Body Systems By alannah maher

Our body is composed of many systems, all of which allow us to function in some way. Each system is unique in its duty and structure. There are eleven body systems in all and without them the human body couldn’t survive. This paper will outline eight of the main body systems and their significance.

One of the human body systems is the Skeletal System. The skeletal system serves many important functions; it provides a framework for our bodies in addition to protecting our vital organs, such as the brain, lungs and heart. The skeletal system also allows bodily movement and stores minerals. Another important function of the bones is the storage of certain minerals. Calcium and phosphorus are among the main minerals that are stored within the skeleton. This storage helps to regulate mineral balance in the bloodstream. When the fluctuation of minerals is high, these minerals are stored in bone; when it is low the minerals will be withdrawn from the bone.

Another body system is the Muscular System. The muscular system is a series of different muscles, including smooth muscles, cardiac muscles, and skeletal muscle. Cardiac and smooth muscle contraction occurs without conscious thought and is necessary for survival. Examples of these muscles are the contraction of the heart and stomach. Smooth muscle or “involuntary muscle” is found within the walls of organs and structures such as the esophagus, stomach, intestines, uterus, urethra, bladder, and blood vessels. Unlike skeletal muscles, smooth muscles are not under conscious control. Cardiac muscle is also an “involuntary muscle” but is more akin in structure to the skeletal muscle, and is found only in the heart. Skeletal muscle or “voluntary muscle” is anchored by tendons to the bone and is used to effect skeletal movement such as locomotion and maintaining posture. Although this postural control is generally maintained as a subconscious reflex, the muscles responsible react to conscious control like non-postural muscles.

One of the most well-known body systems is the Digestive System. The main organs of the digestive system are mouth, esophagus, stomach, small and large intestines, appendix, and anus. Accessory organs to the alimentary canal include the liver, gallbladder, and the pancreas. In the human body, food enters the mouth, is chewed by teeth, and broken down by the saliva from the salivary glands. Then it travels down the esophagus into the stomach, where acid begins physical break down of some food, and chemical alteration of some. The “leftovers” go through the small intestine, through the large intestine, and are excreted during defecation.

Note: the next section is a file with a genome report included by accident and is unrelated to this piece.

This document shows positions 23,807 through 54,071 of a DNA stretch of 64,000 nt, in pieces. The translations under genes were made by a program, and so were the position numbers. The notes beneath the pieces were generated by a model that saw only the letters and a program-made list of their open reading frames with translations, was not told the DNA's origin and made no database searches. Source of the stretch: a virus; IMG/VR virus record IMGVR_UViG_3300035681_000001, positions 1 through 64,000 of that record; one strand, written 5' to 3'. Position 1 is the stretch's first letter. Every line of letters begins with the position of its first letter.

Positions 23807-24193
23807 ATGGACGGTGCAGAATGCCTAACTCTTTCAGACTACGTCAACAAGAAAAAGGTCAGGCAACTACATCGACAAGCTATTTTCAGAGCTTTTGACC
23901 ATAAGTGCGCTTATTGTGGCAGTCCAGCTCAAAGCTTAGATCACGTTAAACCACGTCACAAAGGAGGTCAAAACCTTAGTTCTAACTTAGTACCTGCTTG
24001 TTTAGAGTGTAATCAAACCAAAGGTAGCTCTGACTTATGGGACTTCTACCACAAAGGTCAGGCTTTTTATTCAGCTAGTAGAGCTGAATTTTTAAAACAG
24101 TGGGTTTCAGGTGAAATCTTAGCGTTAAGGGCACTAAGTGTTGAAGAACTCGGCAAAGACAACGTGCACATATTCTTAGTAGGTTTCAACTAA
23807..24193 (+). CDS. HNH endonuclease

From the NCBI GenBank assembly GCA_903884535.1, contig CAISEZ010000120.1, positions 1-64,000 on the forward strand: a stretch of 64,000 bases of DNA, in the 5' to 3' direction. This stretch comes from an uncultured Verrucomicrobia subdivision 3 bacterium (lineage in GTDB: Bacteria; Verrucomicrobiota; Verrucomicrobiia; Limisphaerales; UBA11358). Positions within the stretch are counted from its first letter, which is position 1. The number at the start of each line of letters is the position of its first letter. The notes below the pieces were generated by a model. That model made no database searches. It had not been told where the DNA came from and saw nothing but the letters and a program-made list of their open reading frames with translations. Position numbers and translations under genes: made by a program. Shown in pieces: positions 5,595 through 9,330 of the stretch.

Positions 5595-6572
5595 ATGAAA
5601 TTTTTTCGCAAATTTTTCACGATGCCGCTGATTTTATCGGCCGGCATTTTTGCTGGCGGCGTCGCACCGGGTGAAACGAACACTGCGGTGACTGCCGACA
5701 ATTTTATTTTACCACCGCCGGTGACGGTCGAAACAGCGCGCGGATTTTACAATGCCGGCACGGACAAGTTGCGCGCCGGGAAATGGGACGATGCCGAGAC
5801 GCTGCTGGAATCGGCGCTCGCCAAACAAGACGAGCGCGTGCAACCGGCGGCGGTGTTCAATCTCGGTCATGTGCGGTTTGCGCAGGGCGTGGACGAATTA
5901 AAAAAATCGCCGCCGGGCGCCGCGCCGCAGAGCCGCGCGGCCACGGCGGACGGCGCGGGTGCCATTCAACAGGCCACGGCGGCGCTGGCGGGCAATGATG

The Endocrine System is made up of a group of glands that produce the body's long-distance messengers, or hormones. The endocrine system is instrumental in regulating mood, growth and development, sexual function and the reproductive processes. The endocrine system is an information signal system much like the nervous system. However, the nervous system uses nerves to conduct information, whereas the endocrine system mainly uses blood vessels as information channels. Glands located in many regions of the body, release into the bloodstream specific chemical messengers called hormones. Hormones regulate many functions of an organism, including mood, growth and development, tissue function, and metabolism.

The Nervous System is a network of specialized cells that communicate information about an organism’s surroundings and the organism itself. It processes this information and causes reactions in other parts of the body. The nervous system is divided largely into two categories: the peripheral nervous system and the central nervous system. Neurons generate and conduct impulses between and within the two systems. The peripheral nervous system is composed of sensory neurons and the neurons that connect them to the nerve cord, spinal cord and brain, which together make up the central nervous system. In response to stimuli, sensory neurons generate and spread signals to the central nervous system which then processes and conducts signals back to the muscles and glands so they can respond to the change that triggered the nerves.

The Circulatory System is an organ system that passes, gases, hormones, blood cells, nitrogen waste products, etc. to and from cells in the body to help fight diseases and help stabilize body temperature and pH to maintain homeostasis. On average, the human body has about five liters of blood continually traveling through it by way of the circulatory system. The heart, the lungs, and the blood vessels work together to form the circle part of the circulatory system. Two types of fluids travel throughout the circulatory system: blood and lymph. The blood cells, heart, and blood vessels form the cardiovascular system. The lymph, lymph nodes, and lymph vessels form the lymphatic system. Together the cardiovascular system and the lymphatic system make up the circulatory system.

The Immune System, which is made up of special cells, proteins, tissues, and organs, defends the human body against germs and microorganisms every day. The immune system is a network of cells, tissues, and organs that work together to defend the body against attacks by foreign invaders.